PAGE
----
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Monster Mash: Domingo recovering after surgery; trans-Atlantic transfers; trouble for 'Miracle Worker'

March 8, 2010 |  9:21 am

Getprev-11 --On the mend: Los Angeles Opera general director Plácido Domingo is expected to make a full recovery after a localized malignant polyp is removed from his colon. (Los Angeles Times)

--Across the pond: Producers learn that bringing British hits (and their casts and costs) to Broadway can be a tricky proposition. (Variety)

--Early warning: Within days of the show's opening, producers of the Broadway revival of "The Miracle Worker" starring Abigail Breslin as Helen Keller, say the play may close if the box office doesn't pick up. (New York Times)

--On the block: The archive of Renaissance artist and historian Giorgio Vasari -- a collection that includes letters from Michelangelo, five popes and Cosimo I de' Medici -- will be auctioned in Tuscany amid a swirl of mysterious claims. (Guardian)

--Podium prize: Ainars Rubikis of Latvia has won the Bamberg (Germany) Symphony Orchestra's third International Gustav Mahler Conducting Competition, a contest made famous by its first winner, Gustavo Dudamel. (Gramophone)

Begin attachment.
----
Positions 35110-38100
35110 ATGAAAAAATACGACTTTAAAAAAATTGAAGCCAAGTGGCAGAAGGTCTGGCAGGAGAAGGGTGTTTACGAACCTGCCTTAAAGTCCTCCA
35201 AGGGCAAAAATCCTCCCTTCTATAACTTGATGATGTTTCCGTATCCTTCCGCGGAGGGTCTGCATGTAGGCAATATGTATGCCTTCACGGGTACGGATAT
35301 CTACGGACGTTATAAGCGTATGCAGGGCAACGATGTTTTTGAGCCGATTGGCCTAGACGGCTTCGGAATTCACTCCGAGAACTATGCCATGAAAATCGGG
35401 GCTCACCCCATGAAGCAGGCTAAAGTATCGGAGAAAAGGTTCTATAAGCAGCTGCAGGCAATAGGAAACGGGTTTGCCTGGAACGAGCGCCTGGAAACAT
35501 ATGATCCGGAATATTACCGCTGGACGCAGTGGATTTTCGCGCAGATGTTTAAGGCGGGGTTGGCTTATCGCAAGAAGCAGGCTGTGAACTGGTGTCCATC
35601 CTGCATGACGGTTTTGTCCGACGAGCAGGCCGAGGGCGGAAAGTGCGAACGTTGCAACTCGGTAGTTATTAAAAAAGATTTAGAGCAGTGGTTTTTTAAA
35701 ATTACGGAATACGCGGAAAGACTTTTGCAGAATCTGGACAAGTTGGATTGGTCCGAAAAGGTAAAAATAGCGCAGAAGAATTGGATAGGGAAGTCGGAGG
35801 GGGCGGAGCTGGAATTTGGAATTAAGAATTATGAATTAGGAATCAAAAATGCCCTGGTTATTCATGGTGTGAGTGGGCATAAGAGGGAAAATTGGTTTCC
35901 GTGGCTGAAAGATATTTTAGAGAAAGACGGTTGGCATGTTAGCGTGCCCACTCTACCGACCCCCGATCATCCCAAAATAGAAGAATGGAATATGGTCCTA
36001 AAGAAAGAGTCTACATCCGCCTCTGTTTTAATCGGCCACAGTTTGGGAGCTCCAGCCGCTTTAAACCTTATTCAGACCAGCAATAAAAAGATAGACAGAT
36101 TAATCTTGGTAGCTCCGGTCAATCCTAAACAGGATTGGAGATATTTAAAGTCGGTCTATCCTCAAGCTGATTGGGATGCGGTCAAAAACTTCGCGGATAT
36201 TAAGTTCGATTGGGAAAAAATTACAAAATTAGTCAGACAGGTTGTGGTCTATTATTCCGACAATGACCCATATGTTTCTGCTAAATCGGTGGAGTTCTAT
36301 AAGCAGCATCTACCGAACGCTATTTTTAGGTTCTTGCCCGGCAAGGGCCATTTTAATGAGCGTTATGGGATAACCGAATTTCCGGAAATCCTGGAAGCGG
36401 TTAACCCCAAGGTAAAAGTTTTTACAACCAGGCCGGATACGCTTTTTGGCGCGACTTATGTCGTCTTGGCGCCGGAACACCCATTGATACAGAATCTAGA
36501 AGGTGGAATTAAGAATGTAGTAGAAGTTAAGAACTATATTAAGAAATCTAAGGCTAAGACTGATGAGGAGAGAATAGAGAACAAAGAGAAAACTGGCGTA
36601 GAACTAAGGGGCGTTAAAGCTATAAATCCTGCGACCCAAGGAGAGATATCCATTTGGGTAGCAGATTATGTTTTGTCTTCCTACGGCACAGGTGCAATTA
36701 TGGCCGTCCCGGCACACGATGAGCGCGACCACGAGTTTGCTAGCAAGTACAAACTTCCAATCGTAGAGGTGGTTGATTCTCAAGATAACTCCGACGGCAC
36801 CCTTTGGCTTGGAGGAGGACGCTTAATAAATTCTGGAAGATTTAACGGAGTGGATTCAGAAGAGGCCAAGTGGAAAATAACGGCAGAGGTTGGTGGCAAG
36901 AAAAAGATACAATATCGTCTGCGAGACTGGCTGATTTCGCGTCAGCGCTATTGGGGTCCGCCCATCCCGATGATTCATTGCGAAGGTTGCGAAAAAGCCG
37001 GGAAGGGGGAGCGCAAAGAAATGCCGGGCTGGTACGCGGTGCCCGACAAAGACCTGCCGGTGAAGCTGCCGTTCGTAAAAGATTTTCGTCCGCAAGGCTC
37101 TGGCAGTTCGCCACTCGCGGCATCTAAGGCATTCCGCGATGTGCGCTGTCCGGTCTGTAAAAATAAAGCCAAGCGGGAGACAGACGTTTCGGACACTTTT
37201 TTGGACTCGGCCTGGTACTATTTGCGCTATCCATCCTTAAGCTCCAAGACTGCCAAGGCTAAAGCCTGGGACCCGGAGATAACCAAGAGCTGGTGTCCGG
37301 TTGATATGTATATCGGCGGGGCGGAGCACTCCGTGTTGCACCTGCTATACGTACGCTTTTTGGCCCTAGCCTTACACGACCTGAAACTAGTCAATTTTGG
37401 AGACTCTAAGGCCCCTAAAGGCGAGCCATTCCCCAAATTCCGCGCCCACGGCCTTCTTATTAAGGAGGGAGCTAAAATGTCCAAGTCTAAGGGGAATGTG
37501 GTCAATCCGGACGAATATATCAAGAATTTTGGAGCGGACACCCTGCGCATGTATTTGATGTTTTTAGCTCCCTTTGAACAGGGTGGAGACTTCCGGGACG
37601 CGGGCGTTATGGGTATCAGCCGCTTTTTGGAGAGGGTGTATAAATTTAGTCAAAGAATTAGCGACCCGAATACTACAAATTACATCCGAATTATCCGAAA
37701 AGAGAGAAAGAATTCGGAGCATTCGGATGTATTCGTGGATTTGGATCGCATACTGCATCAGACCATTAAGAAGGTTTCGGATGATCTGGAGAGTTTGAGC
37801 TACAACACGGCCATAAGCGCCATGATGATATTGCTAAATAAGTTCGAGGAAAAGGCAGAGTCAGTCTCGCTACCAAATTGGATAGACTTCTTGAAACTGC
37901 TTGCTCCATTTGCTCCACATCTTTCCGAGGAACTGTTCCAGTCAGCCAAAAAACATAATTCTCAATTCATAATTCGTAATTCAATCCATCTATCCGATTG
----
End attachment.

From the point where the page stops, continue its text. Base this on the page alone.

--Showcase: The ornate 19th-century Leighton House museum, known as London's "Private Palace of Art," is reopening after a major renovation. (Independent)

--Restored: Sotheby Chief Executive William Ruprecht, who took a voluntary pay cut in 2009, had his full salary restored after the auction house reduced its staff and other costs and boosted profits. (Bloomberg)

--Distinguished career: English tenor Philip Langridge, known for singing the work of Benjamin Britten and other late 20th-century composers, has died at 70. (Daily Telegraph)

--Artists' muse: Painter Ruth Kligman, a friend and subject of many post-war artists and the lone survivor of the car crash that killed Jackson Pollock, has died at 80 in New York. (New York Times)

Also in the L.A. Times: Music critic Mark Swed looks at the resurgence of John Adams' opera "Nixon in China"; L.A. sculptor Ruben Ochoa produces eloquent pieces out of rebar and concrete.

-- Karen Wada

Above: Placido Domingo performs the opera "Simon Boccanegra" by Giuseppe Verdi last fall at the Staatsoper in Berlin. Credit: Markus Schreiber / Associated Press




 


 
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"English tenor Philip Langridge, known for singing the work of Benjamin Britten and other late 20th-century composers, has died at 70."
Actually, Langridge sang far more music by Britten than just one single "work".
And by the way, Britten was composing between late 1920s and early 1970s. That hardly qualifies him as a "late" 20th century composer. He was not even alive for practically the entire last quarter of the century. Therefore, he can certainly be rightfully called a mid-20th-century composer.


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